Netflix on Monday announced that 21 animated movies from the award-winning Studio Ghibli will soon be available for users all around the world to…
While augmented reality apps have yet to hit the cellphones of most of the population, the people over at Google are reportedly moving on — to eyewear. Sources say the company is designing glasses that could display information on everything from a friend’s location to the name of the nearest street right before your eyes.
The New York Times says the glasses are being developed in a secret lab near the Google offices and will be available to the public by the end of the year. They will reportedly retail for between US$250 and $600 (approximately R1930 — R4600), run on an Android operating system and includes GPS, motion sensors and 3G or 4G capabilities. Reports vary about whether the glasses will be transparent or not, or if only one lens will be used to display information.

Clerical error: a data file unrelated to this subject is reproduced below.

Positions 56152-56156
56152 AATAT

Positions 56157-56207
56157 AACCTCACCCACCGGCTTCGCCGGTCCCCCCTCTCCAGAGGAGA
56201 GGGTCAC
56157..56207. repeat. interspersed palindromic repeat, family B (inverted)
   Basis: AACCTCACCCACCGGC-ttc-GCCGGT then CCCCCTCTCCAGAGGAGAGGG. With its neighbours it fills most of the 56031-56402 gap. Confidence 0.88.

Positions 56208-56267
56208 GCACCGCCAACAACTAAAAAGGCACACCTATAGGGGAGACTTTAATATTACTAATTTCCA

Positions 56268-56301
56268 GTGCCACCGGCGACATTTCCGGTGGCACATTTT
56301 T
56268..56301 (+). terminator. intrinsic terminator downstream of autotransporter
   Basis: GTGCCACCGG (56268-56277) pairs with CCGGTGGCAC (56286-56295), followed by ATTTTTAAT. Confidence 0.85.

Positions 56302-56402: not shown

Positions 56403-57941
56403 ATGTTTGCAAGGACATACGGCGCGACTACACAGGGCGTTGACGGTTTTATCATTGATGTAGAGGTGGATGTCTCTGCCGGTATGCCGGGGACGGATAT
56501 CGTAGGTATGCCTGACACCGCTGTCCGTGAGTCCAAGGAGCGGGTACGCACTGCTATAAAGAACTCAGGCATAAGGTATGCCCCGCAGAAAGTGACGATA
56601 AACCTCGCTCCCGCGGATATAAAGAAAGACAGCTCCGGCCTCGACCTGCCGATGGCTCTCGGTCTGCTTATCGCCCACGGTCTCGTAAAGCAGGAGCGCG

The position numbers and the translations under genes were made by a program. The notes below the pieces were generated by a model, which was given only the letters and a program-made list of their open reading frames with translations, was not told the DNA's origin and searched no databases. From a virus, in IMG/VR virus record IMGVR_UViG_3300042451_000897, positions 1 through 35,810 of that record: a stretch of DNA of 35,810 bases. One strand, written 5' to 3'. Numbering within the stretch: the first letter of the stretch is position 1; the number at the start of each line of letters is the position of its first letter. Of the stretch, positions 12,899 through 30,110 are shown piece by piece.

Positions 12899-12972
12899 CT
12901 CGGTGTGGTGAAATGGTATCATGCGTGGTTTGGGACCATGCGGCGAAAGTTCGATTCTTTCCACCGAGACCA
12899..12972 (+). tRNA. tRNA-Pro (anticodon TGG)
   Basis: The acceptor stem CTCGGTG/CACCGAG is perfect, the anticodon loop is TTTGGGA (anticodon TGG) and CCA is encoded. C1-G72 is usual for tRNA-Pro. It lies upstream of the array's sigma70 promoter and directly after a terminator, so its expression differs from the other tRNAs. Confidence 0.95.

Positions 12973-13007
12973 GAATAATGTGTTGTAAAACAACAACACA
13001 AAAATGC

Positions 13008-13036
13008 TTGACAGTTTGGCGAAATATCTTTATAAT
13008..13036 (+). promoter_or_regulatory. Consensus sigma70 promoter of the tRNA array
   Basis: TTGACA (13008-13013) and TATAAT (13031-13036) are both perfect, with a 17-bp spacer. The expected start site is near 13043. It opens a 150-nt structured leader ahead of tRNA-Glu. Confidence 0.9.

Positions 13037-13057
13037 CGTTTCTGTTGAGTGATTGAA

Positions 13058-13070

Google envisions that the glasses, reminiscent of the type of tech seen in Hollywood films, could be used in conjunction with a user’s smart phone, and would not be worn constantly. The company still needs to address some privacy concerns, as users could film people with the built-in camera without their knowledge.
The Google employees involved in the project supposedly include none other than co-founder Sergey Brin and Google Latitude creator Steven Lee. Latitude, Google’s geographically-based check in and location sharing service, would be just one of the Google products integrated into the glasses.
The secret lab (nicknamed ‘Google X’) is reportedly focused on creating other innovative prototypes that include driverless cars and space elevators. Google also recently started ‘Solve for X’ a forum to discuss radical ideas for future technology that could solve major world problems.